an imaginative life, part 3 of 3

a conversation with Claire Massey(c) Jonathan Bean (litfest.org)

The conversation concludes with Claire Massey, founding editor of New Fairy Tales, reflecting on the interconnections between three independent, beautiful art forms: writing, acting, and being a mum.

PARADOXES: You’ve mentioned on your blog and in other interviews how you began with studying acting and then wound up reverting to creative writing. Why the switch?

CLAIRE MASSEY: I went to drama school, and it was method acting drama school. So it was a bit crazy. I had a brilliant time most of the time I was there. But I think a lot of what I learned, the more aware I became of what the acting profession was going to be like, and I started going to auditions, I realized it was all about what my picture looked like, and that I wasn’t really going to be given the chance to [use what I was studying].

I’d be playing these great parts at school, these great Shakespearian roles, Queen Margaret, and all kinds of really meaty stuff I could get my teeth into. And then it was, well, you’re going to come out of drama school, and you’re going to be lucky if you get a line on Coronation Street. All the stuff you’ve been studying for three years, all the Stanislavski, you’re not actually necessarily going to be using just doing an advert for a supermarket or whatever. I fell out of love with it, actually, acting, once I worked out what I was going to be doing.

I think story and character have always been the most important things to me. I was writing before I went to drama school, and then through it. But when I came out I thought, ‘No, actually what I want to do is write.’ Because I love finding out about different periods in time, and different people lives. It’s a way of being greedy to me. It’s a way of living more lives than I’ve got! Finding out fascinating things, having that excuse.

And I could do that as an actor. But then I saw, well, I have to wait for someone to give me an acting job before I do that in terms of acting. With writing I can sit at home and do it all the time. I don’t have to wait for that. There’s more autonomy. I have that control to just do it for the love of it. So that was how I made that switch.

So, as you’ve written, as an actor who’s writing, really, what similarities have you seen between the two art forms? Or what differences have you seen?

I think the main difference is that kind of autonomy. But the similarity—I think it’s interesting, because it’s partly where I think my love for fairy tales comes from as well—is that ability to believe in something, to have an imaginative life. To believe though, as an actor, that you are that character in that situation. And for me, I couldn’t just get on stage and recite lines without meaning them. So, to imaginatively put yourself in that place and live that experience on stage.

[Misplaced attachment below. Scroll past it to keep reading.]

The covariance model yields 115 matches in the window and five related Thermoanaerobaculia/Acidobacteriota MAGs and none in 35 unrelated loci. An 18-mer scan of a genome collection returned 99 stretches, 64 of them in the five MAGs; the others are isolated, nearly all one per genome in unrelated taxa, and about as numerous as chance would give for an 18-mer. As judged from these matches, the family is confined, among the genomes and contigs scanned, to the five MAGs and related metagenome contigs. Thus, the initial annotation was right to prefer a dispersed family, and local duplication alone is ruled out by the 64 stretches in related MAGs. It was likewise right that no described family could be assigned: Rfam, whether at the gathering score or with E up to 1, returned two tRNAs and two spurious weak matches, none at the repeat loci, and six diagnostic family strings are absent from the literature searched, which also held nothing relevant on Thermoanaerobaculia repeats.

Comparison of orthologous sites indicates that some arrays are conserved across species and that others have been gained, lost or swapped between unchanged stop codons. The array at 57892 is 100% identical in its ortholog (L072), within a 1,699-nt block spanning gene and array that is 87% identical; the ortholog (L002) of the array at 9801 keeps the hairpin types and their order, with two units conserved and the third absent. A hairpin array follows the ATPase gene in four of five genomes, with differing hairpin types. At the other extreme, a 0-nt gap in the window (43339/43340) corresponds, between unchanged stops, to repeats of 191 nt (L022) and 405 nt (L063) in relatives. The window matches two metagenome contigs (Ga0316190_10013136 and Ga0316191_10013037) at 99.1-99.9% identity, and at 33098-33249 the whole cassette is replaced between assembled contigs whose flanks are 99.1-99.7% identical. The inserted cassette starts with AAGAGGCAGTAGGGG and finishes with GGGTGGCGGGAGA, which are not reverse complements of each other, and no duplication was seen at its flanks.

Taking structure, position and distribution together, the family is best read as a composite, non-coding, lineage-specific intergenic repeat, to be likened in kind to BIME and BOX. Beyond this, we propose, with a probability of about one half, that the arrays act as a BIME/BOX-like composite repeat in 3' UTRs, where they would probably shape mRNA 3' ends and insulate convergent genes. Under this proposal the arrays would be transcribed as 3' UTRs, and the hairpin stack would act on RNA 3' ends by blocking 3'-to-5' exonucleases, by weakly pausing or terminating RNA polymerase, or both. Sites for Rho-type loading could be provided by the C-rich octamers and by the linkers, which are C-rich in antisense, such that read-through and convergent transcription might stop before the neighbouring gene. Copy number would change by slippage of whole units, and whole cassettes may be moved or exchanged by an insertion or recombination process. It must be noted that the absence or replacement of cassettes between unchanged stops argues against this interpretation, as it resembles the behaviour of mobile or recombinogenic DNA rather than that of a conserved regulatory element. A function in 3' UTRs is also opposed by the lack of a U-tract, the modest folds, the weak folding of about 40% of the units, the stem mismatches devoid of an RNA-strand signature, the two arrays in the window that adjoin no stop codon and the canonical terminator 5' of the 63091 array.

When you’re writing, for me it’s the same thing. You have to believe it. With fairy tales, the thing that I think I love most of all is that all these fantastical things happen, and they’re just accepted. No one ever questions it. There’s just this capacity to just believe and wonder, and that’s that.

So I think all those tie together. But definitely there are more similarities than there are differences between the two art forms.

And it’s interesting, because people often move between art forms anyway, don’t they? I mean, if you enjoy being creative, it’s too tempting not to do different things. I used to dance as well. I never sang though. I’m a terrible singer. I can’t do music.

Definitely, I’m enjoying writing more. But then, I’ve not been on stage for several years now. So I’m sure if I had to get up and do it, I would probably fall back in love with it again. But for now I’m happy doing what I’m doing.

How would you say that your training in acting has enriched your writing?

Definitely just that kind of experience—just immersing yourself in a world and finding out all the details. I learned how to research when I was at drama school. I learned that the small details are the most important ones. They’re conveying something.

And my training was brilliant for allowing that space to do that, in a way that I don’t think all drama schools do. So I was lucky in the way it happened and getting that chance to do that for three years. To ‘play’ almost, I suppose. You don’t get to do that as much as you start to grow up. So it’s important to grab your chances where you can, I think.